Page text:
Most people caught wind of the recent Volkswagen emissions scandal that shook the automobile industry. In 2018, it was discovered that Volkswagen had been “cheating” emissions tests. The saying goes, “There are three sides to every story: ours, theirs, and the truth,” so let’s discuss what we know happened, what cars were affected, how it was resolved, and how you can you tell if your MAF sensor is failing.
What We Know
As of January this year, over half a million Volkswagen diesels were suspect for emissions violations. As it turns out, this was because Volkswagen installed emissions software termed “defeat devices,” that were supposedly compliant with EPA emissions drive-cycle parameters. These parameters are in place to prevent vehicles from producing over a certain amount of harmful emissions to help protect both the general population and the environment. Upon testing, all VW diesels produced between 2009 and 2016 were deemed compliant.
However, when you did a little deeper, you find the true problem. While the vehicles may have passed initial emissions testing, Volkswagen was producing emissions well-over the stipulated parameters. In some vehicles, the emissions reading was slightly over, but in others, it was discovered to be 40 times the legal limit. This means the emissions produced by some Volkswagens were highly hazardous and carcinogenic.
The worst facet to this problem was that the diesel VWs passed the initial emissions testing because the emissions software on the vehicles had 2 modes: one for testing, where the onboard computer controlled the speed and performance of the vehicle to comply with regulations, and one that drivers would use. This second mode was the mode which caused toxic emissions well over that of safe levels for both humans and the environment.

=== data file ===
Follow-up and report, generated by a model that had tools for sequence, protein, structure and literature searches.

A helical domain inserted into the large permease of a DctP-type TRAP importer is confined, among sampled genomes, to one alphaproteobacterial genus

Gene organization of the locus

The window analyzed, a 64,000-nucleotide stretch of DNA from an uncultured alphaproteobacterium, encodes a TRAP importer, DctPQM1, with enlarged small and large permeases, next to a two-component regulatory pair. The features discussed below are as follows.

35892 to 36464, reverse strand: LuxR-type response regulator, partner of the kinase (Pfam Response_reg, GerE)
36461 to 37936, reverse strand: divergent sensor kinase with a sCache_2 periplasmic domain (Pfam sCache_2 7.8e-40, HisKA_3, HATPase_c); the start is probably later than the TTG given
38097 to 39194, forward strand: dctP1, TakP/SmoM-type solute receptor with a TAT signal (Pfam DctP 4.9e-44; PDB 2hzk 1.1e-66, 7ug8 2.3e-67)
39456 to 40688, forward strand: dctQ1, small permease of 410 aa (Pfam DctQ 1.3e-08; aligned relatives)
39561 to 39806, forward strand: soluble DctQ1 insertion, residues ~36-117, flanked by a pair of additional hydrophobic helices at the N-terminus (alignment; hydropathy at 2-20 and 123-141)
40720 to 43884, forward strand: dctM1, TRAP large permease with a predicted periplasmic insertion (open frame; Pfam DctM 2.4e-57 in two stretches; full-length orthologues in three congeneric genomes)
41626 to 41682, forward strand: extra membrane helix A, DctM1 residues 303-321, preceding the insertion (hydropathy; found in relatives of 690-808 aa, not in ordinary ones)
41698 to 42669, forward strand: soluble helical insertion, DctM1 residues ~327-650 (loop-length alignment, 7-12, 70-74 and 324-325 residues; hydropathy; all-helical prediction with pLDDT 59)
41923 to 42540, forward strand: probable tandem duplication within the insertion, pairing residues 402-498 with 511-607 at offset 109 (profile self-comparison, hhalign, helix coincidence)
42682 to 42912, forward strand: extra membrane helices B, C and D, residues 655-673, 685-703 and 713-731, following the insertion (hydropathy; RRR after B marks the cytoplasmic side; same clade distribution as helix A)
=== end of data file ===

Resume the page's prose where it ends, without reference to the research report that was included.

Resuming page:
Which VWs are affected?
This emissions oversight affected multiple manufacturers owned by VW, such as Audi and Porsche. In regards to VW, the models affected include:
- 2009–2015 Volkswagen Jetta 2.0L TDI
- 2010–2015 Volkswagen Golf 2.0L TDI
- 2012–2015 Volkswagen Beetle 2.0L TDI
- 2012–2015 Volkswagen Passat 2.0L TDI
- 2009–2016 Volkswagen Touareg 3.0L V6 TDI
What do I do if I own an affected VW?
Once the legal actions concluded in October 2016, Volkswagen was left owing a $14.7 billion dollar settlement and had to start notifying the VW owners affected. They also engaged in a $10 million buyback program which started in November of 2016. Owners who didn’t choose this option received compensation from VW: between $5100 and $10,000 to compensate for the low resale value of their cars. Eligibility for these compensation options ended in mid 2018.
Aside from this, all affected VW owners were eligible for $350 compensation from Bosch, who produced the software.
What is the MAF sensor and how can I tell if it is defective?
The MAF (Mass Airflow) sensor is a piece of equipment found under the hood that is responsible for monitoring the air that enters the engine. It does this by measuring the rate of airflow through weight and pressure. Then it feeds this information to the VW’s onboard computer, which can then inform the fuel pump and injectors how much fuel to add to the engine for the perfect ignition and optimal running of the engine.
If the MAF sensor fails, then your VW’s onboard computer is left without this. It has to guess the correct amount of fuel to add into the engine. It will usually overcompensate, resulting in an engine that isn’t working correctly. This can produce far more emissions than it should.
Symptoms of an underperforming or failing MAF sensor include:
- Rough idling
- Poor fuel economy/efficiency
- Low MPG
- Increased emissions
- Poor performance at high speeds
- Poor handling
- Engine that is tricky to start
- Lean misfires
Where should I go to seek repairs?
If you suspect that your VW’s MAF sensor is beginning tofail, or you are simply concerned about its condition or the levels of emissions your vehicle is producing, then you should bring your VW to a specialist mechanic for diagnostic work and specialist repairs.
If you live in or around Santa Cruz, Aptos, Soquel, and Capitola, CA, you should head to Hayes European for all your motoring needs. We are specialists in imported European cars, including VWs. Our friendly technicians are trained to check VW emission levels. We will work with you to come to the right solution for your needs.
* Volkswagen Passat image credit goes to: kurmyshov.